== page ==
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Growing up in Northernass Wisconsin in the 80s and 90s, we had a Hardees, a KFC, and a Dairy Queen with sod thrown over the sides and top to make it the only underground DQ in the world.

Twenty years later the Hardees has closed, the KFC is gone, and DQ’s become an underground Chinese place (surely not the only one in the world).

Taco Bell was two hours away with their exotic Gorditas, Chalupas, and Baja Blast Mountain Dew.

We had, and still have, Taco John’s.

Named after the very non-Hispanic creator John Turner.

  • Taco John Turner: a guy who might’ve tricked Native Americans into believing he was going to find them new fertile lands to sow their tribes around only to dump them in South Dakota to live off casinos and the money  stupid white Scandinavians.

  • Taco John Turner:  may have killed off muchos Mexicanos with Davy Crocket at the Alamo.

  • Taco John Turner: who called his ethnic food West-Mex since it started in Missouri and mostly traveled around the midwest and anybody expecting muy authentico Mexican food in the Midwest back then had to be a muy ingenuo to start.

If you’ve ever had Midwestern moms make you tacos that Midwestern dads don’t deem too ethnic, that’s pretty much West-Mex.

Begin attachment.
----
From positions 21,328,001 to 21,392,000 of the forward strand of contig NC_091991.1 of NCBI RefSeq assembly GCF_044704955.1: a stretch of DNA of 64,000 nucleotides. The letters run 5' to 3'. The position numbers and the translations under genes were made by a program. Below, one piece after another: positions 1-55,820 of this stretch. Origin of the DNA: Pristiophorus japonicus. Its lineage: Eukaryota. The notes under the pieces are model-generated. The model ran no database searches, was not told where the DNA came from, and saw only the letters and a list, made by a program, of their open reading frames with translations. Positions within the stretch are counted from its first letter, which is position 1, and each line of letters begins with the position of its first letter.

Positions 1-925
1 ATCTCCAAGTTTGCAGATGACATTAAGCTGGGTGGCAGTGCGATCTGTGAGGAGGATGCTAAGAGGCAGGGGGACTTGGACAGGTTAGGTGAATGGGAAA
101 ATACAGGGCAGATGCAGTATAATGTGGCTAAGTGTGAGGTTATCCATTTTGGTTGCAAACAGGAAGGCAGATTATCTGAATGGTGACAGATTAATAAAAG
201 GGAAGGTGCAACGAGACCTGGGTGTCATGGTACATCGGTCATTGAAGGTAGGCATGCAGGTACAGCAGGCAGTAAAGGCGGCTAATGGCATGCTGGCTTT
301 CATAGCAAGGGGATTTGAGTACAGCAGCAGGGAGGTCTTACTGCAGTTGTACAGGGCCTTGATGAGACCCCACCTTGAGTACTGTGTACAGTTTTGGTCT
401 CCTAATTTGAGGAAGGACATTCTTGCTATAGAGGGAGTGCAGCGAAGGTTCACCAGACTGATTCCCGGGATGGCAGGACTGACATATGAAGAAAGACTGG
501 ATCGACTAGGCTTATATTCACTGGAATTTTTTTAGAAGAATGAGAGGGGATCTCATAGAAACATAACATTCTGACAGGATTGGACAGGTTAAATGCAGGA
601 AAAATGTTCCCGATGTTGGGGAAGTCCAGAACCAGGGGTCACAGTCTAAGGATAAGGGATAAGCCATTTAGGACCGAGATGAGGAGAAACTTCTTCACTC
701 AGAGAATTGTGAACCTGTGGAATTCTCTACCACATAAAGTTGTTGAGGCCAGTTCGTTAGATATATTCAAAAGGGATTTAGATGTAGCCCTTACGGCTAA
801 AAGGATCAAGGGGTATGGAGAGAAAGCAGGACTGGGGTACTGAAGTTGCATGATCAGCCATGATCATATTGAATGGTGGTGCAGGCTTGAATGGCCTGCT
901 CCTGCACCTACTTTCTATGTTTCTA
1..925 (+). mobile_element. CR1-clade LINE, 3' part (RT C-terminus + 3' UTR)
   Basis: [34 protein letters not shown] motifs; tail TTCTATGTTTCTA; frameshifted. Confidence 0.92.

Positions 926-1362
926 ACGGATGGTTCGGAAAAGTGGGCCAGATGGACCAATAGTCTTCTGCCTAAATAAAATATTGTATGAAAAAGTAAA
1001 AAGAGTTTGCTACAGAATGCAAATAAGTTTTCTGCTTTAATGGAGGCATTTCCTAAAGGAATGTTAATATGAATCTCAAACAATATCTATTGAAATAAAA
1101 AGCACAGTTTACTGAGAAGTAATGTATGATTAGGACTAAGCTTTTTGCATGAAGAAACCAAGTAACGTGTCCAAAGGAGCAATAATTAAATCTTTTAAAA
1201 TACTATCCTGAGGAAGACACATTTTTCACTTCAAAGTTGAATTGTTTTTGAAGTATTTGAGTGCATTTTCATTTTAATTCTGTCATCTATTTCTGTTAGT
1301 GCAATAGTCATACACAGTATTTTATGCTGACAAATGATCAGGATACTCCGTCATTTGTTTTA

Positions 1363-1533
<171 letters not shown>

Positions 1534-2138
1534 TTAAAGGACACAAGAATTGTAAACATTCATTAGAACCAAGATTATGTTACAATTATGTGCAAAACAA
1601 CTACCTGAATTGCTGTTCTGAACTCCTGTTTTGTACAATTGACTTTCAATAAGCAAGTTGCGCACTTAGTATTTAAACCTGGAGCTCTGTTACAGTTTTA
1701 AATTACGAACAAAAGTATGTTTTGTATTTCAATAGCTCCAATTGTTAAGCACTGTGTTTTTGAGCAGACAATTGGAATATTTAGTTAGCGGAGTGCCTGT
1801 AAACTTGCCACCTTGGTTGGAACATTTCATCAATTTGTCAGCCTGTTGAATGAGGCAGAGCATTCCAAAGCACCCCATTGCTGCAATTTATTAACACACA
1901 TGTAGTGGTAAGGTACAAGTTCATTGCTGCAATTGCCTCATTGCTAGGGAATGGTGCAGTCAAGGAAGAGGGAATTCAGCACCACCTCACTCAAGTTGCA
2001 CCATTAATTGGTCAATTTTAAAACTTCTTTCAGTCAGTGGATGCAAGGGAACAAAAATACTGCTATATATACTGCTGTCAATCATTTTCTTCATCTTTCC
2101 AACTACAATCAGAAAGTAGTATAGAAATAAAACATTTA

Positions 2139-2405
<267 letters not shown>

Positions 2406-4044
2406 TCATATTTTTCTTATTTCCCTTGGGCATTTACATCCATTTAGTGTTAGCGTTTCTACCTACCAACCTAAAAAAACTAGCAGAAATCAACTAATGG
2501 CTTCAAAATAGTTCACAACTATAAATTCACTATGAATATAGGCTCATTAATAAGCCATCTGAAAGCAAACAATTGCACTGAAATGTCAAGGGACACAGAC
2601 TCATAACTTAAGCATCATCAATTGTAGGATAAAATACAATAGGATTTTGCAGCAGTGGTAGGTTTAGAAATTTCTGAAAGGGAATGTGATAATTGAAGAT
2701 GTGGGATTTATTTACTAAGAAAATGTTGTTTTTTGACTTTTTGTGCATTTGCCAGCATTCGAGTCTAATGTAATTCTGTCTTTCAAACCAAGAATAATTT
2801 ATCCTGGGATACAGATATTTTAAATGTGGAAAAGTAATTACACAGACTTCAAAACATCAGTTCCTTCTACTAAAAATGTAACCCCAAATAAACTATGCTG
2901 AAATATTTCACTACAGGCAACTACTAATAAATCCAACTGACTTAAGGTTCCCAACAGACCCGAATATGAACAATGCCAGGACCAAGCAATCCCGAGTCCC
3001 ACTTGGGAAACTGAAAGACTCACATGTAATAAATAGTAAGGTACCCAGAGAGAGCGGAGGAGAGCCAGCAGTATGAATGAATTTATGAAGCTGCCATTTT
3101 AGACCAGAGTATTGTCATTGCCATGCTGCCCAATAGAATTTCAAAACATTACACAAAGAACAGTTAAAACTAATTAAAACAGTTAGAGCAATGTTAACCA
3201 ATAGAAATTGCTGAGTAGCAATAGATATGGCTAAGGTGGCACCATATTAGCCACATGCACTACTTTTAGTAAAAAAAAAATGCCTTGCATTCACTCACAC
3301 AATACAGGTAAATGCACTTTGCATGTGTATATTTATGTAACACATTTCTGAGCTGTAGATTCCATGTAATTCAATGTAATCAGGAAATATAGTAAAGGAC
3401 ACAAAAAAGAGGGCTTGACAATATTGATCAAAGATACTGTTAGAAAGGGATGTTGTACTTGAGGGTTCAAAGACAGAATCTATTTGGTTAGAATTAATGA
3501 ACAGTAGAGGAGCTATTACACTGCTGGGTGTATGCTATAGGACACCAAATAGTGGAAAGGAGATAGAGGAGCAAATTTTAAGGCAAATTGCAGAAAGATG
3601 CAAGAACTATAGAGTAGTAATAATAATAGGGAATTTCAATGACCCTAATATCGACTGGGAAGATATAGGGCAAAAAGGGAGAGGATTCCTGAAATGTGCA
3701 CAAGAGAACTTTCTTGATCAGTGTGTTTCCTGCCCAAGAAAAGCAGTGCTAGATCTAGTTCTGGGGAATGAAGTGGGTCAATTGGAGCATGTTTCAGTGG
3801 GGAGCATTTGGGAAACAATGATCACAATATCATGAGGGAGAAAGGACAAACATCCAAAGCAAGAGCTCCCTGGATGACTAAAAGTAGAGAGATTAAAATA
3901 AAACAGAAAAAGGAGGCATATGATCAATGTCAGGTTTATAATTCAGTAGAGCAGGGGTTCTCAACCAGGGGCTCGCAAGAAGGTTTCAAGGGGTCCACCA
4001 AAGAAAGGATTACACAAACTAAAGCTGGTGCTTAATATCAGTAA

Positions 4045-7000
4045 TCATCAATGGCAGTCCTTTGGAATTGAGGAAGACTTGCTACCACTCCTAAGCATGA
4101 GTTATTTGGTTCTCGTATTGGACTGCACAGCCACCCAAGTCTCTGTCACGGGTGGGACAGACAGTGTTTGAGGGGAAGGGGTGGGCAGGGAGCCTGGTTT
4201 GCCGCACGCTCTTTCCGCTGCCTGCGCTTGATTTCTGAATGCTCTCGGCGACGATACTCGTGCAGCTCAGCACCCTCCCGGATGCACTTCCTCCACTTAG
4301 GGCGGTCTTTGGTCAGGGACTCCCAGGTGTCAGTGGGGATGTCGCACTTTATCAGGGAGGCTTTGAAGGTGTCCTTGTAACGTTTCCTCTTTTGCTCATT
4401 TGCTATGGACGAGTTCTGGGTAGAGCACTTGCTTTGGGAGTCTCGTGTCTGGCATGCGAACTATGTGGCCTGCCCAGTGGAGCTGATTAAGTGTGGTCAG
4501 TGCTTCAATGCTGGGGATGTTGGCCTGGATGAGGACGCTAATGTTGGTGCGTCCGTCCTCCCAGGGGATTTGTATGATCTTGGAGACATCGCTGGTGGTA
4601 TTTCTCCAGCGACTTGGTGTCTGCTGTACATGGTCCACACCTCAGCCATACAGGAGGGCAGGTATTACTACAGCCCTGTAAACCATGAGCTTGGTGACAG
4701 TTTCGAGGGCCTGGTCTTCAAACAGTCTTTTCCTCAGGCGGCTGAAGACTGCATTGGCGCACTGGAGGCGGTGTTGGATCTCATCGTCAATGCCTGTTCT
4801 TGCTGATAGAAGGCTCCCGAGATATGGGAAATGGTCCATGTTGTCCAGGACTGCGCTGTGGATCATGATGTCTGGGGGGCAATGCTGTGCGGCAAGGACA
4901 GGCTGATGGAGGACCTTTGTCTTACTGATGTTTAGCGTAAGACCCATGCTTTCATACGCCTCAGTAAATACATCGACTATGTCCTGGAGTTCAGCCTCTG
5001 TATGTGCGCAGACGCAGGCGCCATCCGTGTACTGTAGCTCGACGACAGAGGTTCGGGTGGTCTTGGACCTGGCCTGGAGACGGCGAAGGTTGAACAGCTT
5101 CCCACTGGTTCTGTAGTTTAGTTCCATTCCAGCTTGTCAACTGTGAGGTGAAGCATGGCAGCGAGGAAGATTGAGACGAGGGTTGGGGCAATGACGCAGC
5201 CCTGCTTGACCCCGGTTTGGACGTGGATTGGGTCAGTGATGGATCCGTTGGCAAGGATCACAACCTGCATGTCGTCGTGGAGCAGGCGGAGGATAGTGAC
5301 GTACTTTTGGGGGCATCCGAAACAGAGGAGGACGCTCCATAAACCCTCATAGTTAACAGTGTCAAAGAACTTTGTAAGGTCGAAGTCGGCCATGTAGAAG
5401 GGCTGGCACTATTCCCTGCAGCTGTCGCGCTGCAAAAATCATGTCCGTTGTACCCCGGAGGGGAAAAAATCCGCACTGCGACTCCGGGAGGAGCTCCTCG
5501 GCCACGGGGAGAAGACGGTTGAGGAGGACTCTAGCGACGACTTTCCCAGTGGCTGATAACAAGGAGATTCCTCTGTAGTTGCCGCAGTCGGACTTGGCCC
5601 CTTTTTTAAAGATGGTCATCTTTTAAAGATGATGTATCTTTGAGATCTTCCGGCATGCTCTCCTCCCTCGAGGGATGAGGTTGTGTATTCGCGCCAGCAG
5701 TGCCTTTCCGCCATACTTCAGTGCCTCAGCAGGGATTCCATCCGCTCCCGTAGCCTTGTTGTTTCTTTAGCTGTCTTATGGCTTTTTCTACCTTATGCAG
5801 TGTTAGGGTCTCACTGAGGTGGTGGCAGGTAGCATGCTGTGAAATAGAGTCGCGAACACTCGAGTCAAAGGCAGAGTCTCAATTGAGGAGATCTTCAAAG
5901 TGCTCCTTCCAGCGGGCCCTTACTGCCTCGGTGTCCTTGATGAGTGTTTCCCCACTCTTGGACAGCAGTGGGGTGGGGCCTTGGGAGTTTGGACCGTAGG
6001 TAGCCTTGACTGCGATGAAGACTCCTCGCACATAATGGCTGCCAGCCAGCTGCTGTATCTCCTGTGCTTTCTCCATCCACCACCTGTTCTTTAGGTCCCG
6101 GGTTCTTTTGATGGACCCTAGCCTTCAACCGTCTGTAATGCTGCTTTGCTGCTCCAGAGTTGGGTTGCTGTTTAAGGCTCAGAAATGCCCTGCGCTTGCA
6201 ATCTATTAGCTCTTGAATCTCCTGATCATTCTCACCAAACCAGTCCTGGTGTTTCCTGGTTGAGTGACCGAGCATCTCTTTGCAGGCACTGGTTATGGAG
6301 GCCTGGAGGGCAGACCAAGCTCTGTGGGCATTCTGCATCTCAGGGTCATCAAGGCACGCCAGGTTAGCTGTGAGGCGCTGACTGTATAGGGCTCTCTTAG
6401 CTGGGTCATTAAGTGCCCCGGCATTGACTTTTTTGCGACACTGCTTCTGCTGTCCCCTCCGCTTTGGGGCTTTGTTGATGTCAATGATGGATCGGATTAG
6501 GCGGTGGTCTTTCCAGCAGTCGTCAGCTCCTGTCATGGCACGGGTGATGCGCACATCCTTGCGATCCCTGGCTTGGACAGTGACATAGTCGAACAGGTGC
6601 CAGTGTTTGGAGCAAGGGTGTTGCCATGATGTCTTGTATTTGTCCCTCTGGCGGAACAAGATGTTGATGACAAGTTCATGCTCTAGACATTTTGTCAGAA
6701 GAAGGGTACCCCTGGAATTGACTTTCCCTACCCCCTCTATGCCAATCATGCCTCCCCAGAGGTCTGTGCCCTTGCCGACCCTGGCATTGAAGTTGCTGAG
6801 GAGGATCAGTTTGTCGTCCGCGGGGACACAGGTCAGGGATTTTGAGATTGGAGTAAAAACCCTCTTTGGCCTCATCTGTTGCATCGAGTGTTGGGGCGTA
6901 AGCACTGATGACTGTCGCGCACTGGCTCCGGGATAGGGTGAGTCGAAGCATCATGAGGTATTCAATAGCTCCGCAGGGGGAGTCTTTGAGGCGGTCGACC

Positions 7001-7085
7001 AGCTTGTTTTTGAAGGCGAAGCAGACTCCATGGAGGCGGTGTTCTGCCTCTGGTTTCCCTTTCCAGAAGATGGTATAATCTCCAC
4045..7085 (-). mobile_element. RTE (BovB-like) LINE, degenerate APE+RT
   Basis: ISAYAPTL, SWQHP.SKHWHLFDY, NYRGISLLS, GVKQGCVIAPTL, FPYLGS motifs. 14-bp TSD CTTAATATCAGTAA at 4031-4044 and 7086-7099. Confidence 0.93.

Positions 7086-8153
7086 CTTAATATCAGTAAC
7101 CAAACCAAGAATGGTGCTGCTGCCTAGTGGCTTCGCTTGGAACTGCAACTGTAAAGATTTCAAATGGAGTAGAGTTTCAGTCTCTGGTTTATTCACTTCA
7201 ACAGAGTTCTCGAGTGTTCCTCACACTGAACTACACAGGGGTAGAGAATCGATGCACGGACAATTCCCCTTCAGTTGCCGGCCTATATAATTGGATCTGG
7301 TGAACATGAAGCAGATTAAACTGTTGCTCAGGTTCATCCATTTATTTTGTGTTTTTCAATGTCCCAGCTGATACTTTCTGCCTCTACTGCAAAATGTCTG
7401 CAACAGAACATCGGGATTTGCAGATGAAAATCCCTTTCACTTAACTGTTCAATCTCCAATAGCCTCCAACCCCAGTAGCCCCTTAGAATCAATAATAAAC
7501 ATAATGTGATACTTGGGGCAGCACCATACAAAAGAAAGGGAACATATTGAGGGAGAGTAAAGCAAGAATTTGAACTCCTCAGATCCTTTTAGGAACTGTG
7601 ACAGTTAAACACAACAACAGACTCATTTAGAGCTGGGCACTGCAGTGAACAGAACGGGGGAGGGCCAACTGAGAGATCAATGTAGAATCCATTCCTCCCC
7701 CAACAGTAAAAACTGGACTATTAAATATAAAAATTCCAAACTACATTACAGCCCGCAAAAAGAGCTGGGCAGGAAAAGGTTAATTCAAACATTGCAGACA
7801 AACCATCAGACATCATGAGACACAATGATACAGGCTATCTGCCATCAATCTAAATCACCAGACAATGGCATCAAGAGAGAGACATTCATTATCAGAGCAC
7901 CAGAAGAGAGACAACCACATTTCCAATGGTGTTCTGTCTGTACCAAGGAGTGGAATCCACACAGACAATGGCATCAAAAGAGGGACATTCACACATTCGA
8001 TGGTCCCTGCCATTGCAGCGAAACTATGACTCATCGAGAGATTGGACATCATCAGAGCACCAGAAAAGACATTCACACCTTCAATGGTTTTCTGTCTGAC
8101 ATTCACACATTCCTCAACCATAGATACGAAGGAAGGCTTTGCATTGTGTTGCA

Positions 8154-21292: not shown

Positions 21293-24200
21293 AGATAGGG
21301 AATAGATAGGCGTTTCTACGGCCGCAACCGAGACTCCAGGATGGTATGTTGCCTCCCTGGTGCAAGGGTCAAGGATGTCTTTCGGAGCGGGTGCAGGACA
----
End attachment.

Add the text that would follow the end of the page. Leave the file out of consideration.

Imagine your Norwegian grandmother complaining to the local Mexican waiter: Not too spicy, now. My husband Arnold has a sensitive palate.

Meat and cheese tacos with seasoning to please the most sensitive Midwestern ulcer.

Growing up without a single Hispanic person in our school, my friends and I would joke that we were going to eat muy muchos tacos at Taco Juan’s (in our offensive nasal Midwestern Mexican accent).

Their original mascot was a cartoon devil that looked like Boris Badenov with a Snidely Whiplash mustache.

The tagline: It’s the hottest place in town.

In many ways, their second mascot was even more racist: a caricature of a happy Mexican man with a donkey named Pepe, where the caricature looked like Gomez Adams in a sombrero with a donkey named Pepe.

Their new tagline: A whole lot of Mexican goin’ on.

In 1989 Taco John’s claims to have coined the term Taco Tuesday and copyrighted it as their own.

In 2022  Taco Bell filed a lawsuit to end their copyright.

Here are some of the (actual!! real!! verbatim!!) claims Taco Bell made in their legal petition:

  • People like tacos on Tuesdays. They just do. It’s even fun to say: Taco Tuesday.

  • Since 1989, [Taco John’s has] owned a federal trademark registration for Taco Tuesday. Not cool.

  • This violates an American ideal: the pursuit of happiness.

  • Can you imagine if we weren’t allowed to say what’s up or brunch? Chaos.

  • Tacos, just like the joy they bring, belong to everyone on any day. Ergo, Taco Tuesday should belong to everyone.

  • To deprive anyone of saying Taco Tuesday is like depriving the world of sunshine itself.

  • How can we tell our fans to Live Más if their favorite taco joints aren’t even allowed to freely say Taco Tuesday?

Taco John’s legal response?

  • When a big, bad bully threatens to take away the mark our forefathers originated so many decades ago, well, that just rings hollow to us. If living más means filling the pockets of Taco Bell’s army of lawyers, we’re not interested.